Microwaves are one of the modern home's most convenient kitchen gadgets - but what lurks behind the microwave door? I'm sure we've all witnessed an explosive bowl of soup or splattered leftovers, but how many of us actually clean up after ourselves? Well, our study revealed that less than a quarter of us (24%) thoroughly clean our microwave once a week, while over a fifth (21%) do so once every few months.

Shockingly, nearly one in ten of us (9%) never clean our microwaves, which begs the question: how clean are they?

silver microwave oven on black kitchen worktop

How regularly should you clean your microwave?

It's a known fact that microwaves don't sanitise themselves, only killing bacteria in food when heated to a certain temperature. That means it's all the more important that you clean yours on a regular basis. Generally, once a week is sufficient for most homes, with quick wipes in-between if something is spilt inside.

A thorough clean should include a disinfectant spray/wipes, and the removable glass plate should be hand washed or put through the dishwasher (double-check it's dishwasher-safe first, though!). Remember to unplug the appliance before using it, and ensure all disinfectant is mopped up and the interior has dried before you use it again.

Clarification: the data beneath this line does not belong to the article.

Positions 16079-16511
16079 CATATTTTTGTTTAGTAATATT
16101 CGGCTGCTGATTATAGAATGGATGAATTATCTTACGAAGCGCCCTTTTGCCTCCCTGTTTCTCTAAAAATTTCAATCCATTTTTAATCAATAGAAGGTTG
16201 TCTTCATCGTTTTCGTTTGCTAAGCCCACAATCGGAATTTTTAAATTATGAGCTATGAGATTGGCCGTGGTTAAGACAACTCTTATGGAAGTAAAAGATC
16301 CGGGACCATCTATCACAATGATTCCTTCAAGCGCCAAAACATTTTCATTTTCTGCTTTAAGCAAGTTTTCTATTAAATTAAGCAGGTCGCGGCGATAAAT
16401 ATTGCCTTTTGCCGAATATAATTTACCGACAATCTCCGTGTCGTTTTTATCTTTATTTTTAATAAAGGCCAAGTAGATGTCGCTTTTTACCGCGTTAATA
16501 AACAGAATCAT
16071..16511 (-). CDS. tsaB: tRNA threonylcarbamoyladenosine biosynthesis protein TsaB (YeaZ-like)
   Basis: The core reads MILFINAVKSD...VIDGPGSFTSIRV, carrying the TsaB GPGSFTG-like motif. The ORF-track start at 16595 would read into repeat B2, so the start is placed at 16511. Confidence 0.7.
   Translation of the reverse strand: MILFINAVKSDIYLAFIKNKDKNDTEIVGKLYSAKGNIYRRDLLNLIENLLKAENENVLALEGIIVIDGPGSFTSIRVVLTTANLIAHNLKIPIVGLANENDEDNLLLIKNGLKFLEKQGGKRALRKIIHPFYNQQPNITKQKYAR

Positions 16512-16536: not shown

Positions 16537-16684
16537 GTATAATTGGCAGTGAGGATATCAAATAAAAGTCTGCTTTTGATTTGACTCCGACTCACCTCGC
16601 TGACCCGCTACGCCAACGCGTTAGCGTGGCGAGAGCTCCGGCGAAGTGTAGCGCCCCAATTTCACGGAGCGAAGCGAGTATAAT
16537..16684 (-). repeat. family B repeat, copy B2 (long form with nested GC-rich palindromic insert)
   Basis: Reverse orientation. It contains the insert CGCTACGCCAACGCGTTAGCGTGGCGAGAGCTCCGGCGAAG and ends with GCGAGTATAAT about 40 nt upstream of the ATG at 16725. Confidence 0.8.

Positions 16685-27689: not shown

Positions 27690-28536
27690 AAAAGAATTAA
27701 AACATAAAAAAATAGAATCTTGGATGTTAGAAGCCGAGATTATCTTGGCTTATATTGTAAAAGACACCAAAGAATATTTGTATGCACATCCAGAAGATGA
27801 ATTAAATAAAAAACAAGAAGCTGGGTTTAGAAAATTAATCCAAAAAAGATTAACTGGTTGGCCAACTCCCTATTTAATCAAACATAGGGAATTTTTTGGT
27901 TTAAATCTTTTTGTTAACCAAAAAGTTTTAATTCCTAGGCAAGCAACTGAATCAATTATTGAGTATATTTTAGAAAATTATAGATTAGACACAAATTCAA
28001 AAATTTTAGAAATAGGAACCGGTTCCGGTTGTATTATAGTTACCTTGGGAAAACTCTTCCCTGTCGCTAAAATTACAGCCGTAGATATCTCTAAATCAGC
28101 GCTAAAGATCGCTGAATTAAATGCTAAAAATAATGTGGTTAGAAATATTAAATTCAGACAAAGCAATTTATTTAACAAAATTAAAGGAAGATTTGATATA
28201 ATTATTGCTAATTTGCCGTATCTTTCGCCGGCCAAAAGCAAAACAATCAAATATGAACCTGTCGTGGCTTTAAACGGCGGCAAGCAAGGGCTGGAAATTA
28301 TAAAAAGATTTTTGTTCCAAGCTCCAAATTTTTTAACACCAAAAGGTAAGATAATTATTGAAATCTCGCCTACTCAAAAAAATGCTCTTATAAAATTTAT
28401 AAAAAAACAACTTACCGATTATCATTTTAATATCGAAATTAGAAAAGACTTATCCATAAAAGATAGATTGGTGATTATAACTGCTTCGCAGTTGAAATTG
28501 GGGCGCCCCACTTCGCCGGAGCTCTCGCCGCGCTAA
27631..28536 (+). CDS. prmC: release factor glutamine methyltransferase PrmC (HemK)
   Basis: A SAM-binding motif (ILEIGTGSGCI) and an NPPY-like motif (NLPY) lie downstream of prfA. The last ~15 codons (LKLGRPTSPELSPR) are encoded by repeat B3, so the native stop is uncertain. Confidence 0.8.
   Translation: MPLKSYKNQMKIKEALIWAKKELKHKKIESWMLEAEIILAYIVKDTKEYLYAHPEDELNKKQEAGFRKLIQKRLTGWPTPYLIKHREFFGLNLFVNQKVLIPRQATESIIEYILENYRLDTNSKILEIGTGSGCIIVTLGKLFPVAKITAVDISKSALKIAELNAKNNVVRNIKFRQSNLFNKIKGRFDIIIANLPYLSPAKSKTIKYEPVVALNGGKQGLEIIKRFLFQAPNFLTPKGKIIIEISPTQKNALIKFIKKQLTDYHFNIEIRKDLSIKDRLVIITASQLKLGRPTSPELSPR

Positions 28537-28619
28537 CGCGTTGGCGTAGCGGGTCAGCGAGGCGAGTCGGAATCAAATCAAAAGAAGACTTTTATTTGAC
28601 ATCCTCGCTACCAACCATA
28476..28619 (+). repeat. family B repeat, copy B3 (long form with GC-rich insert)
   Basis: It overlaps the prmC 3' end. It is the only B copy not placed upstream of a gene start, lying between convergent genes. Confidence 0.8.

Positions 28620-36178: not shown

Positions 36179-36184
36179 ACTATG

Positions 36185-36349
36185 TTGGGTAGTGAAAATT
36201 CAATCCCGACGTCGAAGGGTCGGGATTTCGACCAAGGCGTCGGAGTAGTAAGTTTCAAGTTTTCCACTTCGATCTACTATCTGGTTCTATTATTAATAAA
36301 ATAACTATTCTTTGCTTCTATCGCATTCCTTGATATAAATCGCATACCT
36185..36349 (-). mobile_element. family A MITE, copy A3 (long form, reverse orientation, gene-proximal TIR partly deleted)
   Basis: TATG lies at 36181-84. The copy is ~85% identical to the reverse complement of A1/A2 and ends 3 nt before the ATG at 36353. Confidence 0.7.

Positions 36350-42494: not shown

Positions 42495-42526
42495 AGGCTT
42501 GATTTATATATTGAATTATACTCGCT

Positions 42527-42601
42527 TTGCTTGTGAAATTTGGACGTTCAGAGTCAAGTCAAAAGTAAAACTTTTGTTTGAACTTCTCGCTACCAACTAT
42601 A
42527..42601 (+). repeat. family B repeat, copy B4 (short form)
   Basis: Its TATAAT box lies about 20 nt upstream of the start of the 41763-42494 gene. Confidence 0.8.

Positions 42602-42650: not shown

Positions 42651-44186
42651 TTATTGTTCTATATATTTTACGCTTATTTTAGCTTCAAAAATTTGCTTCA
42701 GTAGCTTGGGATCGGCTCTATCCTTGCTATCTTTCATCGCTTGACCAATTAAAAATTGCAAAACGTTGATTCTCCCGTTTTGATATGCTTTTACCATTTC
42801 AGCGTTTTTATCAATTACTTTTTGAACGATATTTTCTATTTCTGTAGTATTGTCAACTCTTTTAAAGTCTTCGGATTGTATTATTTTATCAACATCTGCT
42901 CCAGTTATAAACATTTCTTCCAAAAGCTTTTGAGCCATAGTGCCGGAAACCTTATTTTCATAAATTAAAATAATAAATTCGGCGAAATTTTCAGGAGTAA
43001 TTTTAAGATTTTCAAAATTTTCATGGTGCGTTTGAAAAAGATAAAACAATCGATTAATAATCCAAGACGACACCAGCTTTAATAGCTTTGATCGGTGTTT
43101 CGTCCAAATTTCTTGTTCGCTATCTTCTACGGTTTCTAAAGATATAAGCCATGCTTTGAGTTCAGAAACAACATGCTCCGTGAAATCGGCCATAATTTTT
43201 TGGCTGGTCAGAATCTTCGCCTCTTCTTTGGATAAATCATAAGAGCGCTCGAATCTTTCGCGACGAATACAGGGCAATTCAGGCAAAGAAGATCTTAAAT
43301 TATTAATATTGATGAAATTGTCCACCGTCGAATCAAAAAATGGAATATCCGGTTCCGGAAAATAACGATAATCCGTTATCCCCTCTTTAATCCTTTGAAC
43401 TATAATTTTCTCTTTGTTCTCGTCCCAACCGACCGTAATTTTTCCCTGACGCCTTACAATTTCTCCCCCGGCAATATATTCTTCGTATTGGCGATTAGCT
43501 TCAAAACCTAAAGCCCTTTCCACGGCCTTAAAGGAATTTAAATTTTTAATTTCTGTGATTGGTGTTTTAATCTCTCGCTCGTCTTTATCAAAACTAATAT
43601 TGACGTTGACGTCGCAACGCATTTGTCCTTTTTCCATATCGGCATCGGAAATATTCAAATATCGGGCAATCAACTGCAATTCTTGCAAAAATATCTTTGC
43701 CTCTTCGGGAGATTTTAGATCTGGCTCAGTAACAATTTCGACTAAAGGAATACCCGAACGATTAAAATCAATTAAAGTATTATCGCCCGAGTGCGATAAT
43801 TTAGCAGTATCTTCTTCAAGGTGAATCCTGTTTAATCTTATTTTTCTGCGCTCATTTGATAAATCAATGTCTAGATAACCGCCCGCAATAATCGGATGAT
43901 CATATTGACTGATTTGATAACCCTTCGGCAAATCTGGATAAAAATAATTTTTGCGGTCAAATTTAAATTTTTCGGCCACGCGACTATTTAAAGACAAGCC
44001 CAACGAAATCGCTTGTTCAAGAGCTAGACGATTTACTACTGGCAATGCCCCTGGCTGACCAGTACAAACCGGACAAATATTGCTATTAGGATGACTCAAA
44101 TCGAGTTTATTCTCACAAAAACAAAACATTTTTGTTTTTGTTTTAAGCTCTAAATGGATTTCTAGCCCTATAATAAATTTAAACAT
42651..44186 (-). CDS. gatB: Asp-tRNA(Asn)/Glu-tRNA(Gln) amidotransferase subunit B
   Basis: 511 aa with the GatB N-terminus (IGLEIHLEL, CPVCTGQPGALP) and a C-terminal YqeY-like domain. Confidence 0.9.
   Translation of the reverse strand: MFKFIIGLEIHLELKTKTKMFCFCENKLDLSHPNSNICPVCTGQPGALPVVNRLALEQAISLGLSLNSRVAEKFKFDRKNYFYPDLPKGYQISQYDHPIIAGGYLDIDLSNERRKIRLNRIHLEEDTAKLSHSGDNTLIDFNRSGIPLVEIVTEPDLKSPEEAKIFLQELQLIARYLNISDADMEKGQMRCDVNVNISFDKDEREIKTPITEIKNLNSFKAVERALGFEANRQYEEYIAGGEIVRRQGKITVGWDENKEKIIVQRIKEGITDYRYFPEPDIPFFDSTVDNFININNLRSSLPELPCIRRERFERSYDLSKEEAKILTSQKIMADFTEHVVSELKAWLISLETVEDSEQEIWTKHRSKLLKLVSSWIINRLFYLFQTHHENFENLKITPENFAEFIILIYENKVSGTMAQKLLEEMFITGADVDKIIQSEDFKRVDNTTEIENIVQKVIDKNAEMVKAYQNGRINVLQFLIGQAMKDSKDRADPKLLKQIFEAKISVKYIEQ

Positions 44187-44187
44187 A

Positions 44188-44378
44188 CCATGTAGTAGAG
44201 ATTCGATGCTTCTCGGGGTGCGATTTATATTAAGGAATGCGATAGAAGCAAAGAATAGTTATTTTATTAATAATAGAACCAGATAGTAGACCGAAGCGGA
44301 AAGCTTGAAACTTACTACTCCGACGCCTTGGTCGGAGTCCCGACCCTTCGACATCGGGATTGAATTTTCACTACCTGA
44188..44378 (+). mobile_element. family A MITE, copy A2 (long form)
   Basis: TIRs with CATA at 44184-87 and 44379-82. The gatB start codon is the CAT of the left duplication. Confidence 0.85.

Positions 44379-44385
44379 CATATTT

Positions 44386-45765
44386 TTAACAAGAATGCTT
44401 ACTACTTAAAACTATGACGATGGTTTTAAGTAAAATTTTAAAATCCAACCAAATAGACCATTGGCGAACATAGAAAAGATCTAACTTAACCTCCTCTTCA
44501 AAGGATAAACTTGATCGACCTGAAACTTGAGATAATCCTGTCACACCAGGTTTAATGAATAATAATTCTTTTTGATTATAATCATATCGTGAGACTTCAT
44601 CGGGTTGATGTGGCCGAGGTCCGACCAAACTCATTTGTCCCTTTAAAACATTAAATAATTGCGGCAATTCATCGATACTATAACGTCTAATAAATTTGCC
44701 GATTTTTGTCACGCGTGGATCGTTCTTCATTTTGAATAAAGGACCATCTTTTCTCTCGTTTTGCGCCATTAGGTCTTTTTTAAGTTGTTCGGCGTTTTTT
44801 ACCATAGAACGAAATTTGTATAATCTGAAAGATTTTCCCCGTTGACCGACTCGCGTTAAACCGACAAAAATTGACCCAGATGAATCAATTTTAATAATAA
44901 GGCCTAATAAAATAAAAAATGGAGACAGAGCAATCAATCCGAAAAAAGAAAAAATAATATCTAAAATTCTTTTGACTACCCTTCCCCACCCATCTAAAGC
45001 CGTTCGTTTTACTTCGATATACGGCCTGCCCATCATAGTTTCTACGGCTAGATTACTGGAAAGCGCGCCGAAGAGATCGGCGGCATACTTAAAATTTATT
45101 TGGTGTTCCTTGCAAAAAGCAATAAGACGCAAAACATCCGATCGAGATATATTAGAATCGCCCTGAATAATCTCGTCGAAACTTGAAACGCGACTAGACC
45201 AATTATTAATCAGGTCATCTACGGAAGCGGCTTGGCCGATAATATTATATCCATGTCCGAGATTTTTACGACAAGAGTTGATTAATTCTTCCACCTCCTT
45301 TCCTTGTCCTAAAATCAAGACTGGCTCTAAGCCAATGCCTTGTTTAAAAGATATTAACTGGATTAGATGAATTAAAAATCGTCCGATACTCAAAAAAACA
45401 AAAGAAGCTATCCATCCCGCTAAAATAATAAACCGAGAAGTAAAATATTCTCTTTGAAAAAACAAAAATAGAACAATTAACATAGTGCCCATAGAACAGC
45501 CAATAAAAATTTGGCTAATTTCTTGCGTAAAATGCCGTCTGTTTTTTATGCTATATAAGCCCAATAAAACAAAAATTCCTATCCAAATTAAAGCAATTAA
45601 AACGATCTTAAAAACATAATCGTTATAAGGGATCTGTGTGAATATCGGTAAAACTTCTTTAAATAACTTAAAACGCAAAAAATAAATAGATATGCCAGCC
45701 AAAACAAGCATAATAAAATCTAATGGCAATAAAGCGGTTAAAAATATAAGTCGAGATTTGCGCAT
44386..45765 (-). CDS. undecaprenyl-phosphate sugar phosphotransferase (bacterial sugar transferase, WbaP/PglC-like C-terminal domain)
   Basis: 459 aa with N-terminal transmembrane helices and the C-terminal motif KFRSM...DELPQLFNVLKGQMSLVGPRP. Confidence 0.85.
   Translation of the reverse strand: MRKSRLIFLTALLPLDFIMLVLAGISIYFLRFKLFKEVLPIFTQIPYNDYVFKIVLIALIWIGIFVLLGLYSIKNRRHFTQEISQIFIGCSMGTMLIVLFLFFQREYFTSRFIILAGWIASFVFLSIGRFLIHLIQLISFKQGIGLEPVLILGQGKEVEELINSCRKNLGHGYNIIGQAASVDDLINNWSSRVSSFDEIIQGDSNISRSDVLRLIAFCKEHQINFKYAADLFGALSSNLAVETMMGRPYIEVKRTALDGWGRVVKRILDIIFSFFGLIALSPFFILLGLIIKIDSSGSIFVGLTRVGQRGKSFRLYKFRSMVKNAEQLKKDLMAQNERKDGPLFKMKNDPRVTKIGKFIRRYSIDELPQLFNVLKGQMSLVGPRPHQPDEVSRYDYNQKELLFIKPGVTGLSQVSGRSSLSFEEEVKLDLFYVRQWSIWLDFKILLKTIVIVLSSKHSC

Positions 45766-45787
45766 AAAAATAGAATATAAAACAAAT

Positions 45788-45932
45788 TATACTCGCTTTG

On the chopping block: 14% of Brits are unlikely to clean their chopping board after cutting meat

When it comes to kitchen hygiene, some things aren't negotiable. Raw meat contains many of the food-borne bacteria that can cause food poisoning, which means preparing it in a hygienic way can make the difference between a great meal and a trip to the toilet. Surprisingly, less than half (49%) of respondents told us that they 'always' clean their chopping board after cutting meat, before then using it for other foods like fruits, vegetables and seafood.

Perhaps even more shocking is that 8% told us they were either 'unlikely' or 'very unlikely' to clean their chopping board after cutting meat. What's more, 6% of Brits surveyed admitted they would 'never' sanitise their chopping board after preparing meat on it.

cutting meat on chopping board

The truth about raw meat on chopping boards

As we already know, some raw foods and meat can contain bacteria that, if ingested, can cause illness. Here are some tips for preparing raw meat at home: